Four Spiritualists in the Eastern Region who allegedly defrauded some unsuspecting persons of various sums of money totalling Gh¢86,394.00 under the guise of multiplying their money for Orem, have been arrested by the police.
They are Nana Yaw Sofehu, 32, aka Togbui Shetor, resident of Kuku- rantumi; Farouk Alhassan, 32, aka Okomfo Anokye Kitewa, resident of Okorase; Ibrahim Alhassan, 26, resident of Okorase and Adjei Emmanuel, 31, aka Agbe, who resides at Koforidua Zongo.
The four are currently on police enquiry bail after being cautioned.
In all, 11 persons had reported to the Eastern Regional Police Command about the fraud after visiting the so-called shrines of the alleged spiritualists who used various tales to make people part with their monies in the hope of getting them doubled or multiplied.
Togbui Shetor, according to the
police, had defrauded at least seven persons in the sum of Gh¢42,364.00, while Okomfo Anokye had gained Gh¢13,630.00 from three people.
Ibrahim had also taken Gh¢6,900.00 from one person, while Agbe also succeeded in duping two victims to the tune of Gh¢23,500.00.
These spiritualists had convinced their victims through deceptive advertisements on both television, bill boards and on air, that they had powers to multiply or double money.
Briefing the media on Wednesday, the Regional Police Commander, Deputy Commissioner of Police (DCOP) Akuribah Yaagy, pleaded with journalists who advertise activities of such ‘spiritualists’ to be careful about them.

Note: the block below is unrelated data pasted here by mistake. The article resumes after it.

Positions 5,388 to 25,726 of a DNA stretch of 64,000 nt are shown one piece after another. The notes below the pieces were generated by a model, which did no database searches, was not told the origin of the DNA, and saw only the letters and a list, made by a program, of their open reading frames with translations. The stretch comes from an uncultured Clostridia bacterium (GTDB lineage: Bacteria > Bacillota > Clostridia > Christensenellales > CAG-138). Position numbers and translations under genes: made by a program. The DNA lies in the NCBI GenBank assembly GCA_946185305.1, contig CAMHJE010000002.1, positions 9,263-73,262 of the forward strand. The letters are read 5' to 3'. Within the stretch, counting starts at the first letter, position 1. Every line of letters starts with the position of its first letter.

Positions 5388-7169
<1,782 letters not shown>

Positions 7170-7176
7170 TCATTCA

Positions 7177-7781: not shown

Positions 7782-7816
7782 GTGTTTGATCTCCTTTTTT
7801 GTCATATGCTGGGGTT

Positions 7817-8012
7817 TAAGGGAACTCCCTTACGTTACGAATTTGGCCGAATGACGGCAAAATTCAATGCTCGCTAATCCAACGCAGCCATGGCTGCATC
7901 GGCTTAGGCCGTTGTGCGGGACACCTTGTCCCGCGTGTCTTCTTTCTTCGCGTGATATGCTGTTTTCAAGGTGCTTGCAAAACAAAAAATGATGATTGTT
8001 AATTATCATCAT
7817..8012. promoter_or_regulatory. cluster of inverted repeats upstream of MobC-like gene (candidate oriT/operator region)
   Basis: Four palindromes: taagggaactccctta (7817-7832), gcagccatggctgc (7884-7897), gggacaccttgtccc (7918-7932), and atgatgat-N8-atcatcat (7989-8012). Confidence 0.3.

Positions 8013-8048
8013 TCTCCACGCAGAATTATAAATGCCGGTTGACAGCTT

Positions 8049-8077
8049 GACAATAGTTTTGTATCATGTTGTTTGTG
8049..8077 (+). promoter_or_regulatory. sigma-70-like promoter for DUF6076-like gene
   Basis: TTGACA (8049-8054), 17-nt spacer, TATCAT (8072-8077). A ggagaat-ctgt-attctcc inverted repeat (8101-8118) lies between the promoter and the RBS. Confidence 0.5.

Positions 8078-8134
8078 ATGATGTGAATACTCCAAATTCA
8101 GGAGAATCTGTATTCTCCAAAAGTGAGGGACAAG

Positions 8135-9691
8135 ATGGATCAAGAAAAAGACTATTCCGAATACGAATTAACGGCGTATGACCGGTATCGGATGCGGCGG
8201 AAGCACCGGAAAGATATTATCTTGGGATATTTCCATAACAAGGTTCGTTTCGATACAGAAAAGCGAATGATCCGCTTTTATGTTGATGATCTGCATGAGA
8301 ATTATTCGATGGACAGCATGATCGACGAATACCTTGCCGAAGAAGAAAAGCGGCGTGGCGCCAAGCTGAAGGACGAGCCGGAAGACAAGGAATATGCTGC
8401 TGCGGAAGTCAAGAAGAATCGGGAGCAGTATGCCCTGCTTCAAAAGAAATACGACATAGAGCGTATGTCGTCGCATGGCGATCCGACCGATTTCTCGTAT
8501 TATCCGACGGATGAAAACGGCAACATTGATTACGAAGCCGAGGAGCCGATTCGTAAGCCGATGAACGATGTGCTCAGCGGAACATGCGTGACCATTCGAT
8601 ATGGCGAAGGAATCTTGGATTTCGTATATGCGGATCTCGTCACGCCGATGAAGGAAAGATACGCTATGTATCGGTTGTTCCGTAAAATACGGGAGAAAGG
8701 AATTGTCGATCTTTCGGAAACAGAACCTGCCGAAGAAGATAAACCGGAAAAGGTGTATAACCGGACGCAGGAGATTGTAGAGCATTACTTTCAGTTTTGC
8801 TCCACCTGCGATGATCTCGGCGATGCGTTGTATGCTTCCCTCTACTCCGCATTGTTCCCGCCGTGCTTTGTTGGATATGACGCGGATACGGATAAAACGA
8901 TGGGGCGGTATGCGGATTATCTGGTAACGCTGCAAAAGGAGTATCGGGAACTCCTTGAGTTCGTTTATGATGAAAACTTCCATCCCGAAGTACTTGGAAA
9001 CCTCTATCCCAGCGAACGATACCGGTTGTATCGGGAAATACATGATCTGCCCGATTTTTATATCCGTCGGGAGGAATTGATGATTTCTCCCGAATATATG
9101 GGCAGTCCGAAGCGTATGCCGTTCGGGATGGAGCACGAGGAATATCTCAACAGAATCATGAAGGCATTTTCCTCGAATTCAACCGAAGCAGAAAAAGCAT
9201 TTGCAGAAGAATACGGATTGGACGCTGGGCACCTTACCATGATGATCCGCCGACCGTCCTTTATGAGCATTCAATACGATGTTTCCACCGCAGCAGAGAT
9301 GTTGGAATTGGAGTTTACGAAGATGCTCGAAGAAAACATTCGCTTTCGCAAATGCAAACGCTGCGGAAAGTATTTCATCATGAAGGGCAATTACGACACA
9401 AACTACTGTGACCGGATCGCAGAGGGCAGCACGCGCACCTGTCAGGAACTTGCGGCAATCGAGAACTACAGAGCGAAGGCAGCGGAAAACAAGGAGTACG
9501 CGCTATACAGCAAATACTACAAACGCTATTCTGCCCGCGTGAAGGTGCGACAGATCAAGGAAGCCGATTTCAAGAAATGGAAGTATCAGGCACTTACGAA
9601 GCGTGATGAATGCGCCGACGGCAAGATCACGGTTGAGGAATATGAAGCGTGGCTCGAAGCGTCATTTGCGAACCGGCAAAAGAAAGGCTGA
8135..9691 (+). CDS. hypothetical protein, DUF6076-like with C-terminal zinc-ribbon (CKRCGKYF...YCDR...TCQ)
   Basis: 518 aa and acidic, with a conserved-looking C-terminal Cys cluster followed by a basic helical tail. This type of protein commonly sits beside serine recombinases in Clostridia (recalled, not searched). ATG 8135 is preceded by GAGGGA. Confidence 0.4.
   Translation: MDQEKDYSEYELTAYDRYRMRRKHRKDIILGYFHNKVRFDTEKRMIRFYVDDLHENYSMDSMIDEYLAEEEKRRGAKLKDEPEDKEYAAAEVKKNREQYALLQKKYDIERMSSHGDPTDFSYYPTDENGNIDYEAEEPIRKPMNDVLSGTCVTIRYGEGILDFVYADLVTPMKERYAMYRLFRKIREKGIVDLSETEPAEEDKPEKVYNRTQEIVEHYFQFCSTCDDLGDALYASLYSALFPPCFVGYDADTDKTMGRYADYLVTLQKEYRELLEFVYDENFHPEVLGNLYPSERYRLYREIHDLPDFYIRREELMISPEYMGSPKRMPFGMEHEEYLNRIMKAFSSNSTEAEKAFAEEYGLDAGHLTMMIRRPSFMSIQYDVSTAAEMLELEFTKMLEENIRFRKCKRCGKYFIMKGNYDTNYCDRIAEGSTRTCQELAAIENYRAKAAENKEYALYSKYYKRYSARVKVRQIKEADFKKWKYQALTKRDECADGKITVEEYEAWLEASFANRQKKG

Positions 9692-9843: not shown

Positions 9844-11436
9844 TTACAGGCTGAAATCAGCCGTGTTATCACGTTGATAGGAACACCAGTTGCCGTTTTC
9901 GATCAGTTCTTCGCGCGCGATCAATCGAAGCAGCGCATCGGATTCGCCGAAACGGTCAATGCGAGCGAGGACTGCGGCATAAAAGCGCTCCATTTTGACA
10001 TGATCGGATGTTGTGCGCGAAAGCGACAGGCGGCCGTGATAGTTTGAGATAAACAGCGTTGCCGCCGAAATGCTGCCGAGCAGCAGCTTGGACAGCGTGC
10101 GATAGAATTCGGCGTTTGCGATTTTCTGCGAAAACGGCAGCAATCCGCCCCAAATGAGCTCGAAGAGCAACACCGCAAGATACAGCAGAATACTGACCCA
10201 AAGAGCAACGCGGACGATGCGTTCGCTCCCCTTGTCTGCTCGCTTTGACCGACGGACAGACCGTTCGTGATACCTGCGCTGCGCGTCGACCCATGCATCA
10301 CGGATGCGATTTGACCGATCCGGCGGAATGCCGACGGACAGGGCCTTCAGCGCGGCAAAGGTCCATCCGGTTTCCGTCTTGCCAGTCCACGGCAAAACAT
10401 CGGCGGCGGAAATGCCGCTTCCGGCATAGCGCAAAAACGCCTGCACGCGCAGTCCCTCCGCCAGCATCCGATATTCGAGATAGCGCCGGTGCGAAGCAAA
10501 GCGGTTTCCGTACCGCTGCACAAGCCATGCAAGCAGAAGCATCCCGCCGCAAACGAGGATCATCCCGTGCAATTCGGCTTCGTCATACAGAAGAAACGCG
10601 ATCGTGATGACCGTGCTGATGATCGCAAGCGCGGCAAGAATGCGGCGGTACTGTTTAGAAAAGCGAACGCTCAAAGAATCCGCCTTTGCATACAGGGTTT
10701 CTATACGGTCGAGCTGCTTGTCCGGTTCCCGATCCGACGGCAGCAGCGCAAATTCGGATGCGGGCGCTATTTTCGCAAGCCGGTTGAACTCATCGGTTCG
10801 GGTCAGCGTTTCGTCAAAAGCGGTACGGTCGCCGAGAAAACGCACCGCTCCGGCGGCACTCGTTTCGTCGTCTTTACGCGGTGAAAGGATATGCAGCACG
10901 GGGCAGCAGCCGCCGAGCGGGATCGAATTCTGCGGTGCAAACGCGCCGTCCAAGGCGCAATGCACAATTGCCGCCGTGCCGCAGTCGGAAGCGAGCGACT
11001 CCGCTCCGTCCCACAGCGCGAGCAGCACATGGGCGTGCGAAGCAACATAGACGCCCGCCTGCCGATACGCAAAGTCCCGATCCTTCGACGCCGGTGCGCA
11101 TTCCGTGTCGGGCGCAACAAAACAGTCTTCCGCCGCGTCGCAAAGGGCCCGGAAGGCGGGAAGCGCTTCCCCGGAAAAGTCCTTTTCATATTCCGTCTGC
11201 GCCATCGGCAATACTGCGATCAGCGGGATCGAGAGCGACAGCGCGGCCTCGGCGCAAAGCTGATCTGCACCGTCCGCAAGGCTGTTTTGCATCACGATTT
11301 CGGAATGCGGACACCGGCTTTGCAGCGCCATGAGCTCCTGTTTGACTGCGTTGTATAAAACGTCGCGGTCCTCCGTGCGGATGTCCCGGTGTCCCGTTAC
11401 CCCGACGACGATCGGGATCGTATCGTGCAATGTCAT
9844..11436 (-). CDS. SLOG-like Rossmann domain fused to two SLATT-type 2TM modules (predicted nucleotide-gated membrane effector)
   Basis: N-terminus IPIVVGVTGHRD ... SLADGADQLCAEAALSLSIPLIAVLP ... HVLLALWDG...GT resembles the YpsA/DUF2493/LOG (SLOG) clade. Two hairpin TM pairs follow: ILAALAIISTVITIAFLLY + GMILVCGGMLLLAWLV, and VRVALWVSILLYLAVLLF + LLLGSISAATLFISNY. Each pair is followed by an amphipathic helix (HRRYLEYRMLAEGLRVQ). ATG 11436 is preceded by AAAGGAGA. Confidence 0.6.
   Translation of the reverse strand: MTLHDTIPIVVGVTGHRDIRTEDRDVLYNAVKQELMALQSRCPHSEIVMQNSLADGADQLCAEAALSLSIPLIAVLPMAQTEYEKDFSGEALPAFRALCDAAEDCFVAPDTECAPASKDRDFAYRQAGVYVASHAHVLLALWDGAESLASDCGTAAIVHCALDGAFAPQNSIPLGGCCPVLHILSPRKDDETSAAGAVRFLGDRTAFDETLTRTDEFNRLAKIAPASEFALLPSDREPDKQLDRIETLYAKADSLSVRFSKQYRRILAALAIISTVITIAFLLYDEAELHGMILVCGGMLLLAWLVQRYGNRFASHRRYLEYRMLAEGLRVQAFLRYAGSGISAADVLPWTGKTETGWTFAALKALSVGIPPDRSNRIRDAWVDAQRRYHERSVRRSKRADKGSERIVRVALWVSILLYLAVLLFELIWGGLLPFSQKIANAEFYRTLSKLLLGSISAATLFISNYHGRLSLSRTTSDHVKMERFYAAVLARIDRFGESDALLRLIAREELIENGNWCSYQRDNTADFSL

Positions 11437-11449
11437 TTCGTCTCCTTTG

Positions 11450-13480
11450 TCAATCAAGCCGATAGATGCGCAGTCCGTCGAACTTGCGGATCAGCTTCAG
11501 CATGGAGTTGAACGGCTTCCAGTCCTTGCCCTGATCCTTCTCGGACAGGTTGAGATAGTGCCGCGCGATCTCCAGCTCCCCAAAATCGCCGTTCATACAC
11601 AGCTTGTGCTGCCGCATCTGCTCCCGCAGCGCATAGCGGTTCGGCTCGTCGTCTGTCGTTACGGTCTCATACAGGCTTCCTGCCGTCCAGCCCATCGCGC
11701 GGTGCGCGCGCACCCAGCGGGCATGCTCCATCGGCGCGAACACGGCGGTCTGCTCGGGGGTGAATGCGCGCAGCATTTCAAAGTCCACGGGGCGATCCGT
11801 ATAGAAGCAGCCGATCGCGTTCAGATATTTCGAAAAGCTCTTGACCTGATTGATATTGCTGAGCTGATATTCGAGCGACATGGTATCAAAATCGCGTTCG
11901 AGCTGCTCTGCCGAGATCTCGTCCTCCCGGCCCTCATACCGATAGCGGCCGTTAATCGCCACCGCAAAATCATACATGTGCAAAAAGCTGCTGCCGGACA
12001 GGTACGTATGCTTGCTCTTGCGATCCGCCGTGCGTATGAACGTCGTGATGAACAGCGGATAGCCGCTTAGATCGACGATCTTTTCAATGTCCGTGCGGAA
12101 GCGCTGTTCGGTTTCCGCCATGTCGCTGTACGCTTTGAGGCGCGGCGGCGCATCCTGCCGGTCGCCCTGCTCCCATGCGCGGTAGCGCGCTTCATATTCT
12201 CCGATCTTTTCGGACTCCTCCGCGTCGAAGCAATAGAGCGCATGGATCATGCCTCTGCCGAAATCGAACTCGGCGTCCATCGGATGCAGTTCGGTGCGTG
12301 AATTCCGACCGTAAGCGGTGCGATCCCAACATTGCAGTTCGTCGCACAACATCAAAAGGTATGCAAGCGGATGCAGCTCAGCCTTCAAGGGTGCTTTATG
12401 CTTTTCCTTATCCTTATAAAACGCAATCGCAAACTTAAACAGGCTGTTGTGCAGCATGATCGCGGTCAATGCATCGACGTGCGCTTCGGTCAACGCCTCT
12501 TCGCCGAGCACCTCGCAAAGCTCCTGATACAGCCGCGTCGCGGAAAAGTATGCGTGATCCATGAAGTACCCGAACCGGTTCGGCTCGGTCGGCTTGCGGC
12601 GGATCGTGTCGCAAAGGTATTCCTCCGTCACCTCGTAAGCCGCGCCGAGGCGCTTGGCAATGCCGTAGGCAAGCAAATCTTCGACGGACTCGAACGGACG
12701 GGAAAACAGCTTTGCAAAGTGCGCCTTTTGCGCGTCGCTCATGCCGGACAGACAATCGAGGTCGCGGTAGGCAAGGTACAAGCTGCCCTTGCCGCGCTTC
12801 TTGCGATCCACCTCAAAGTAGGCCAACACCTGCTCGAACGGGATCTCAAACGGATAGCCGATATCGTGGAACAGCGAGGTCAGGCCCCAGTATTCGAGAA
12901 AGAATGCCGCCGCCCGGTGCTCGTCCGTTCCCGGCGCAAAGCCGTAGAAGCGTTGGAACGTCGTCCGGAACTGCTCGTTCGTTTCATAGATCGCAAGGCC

He called on the National Media Commission (NMC), the Ghana Journalists Association and the Herbal and Traditional Medicine Practitioners Council to use their good offices to regulate the activities of their members.
He also called on the Metropolitan, Municipal and District Assemblies (MMDAs) to review their modus of issuing permits for the mounting of bill boards, stressing that such fraudsters should not be allowed to mount deceptive bill boards to lure people into danger.
The police chief said dockets on the matter had been forwarded to the Attorney General’s (AG’s) office for advice.
“The police are also picking signals that these so-called spiritual activities require spilling of human blood; and the more one spills the blood the more money one gets. It is therefore not uncommon to see accidents of late involving the knocking down of at least three or more pedestrians at a time, leading to their death,” he noted, citing cases at Akropong, Kukurantumi and Akoti as examples of such alleged blood money accidents.
DCOP Yaagy said the regional command was aware of the operations of other quacks in the region like Alhaji Ibrahim at Oyoko and Simon Quao, aka Nana Dzakpata, at Adweso. He cautioned them to desist from their fraudulent trade or risk being arrested and prosecuted.
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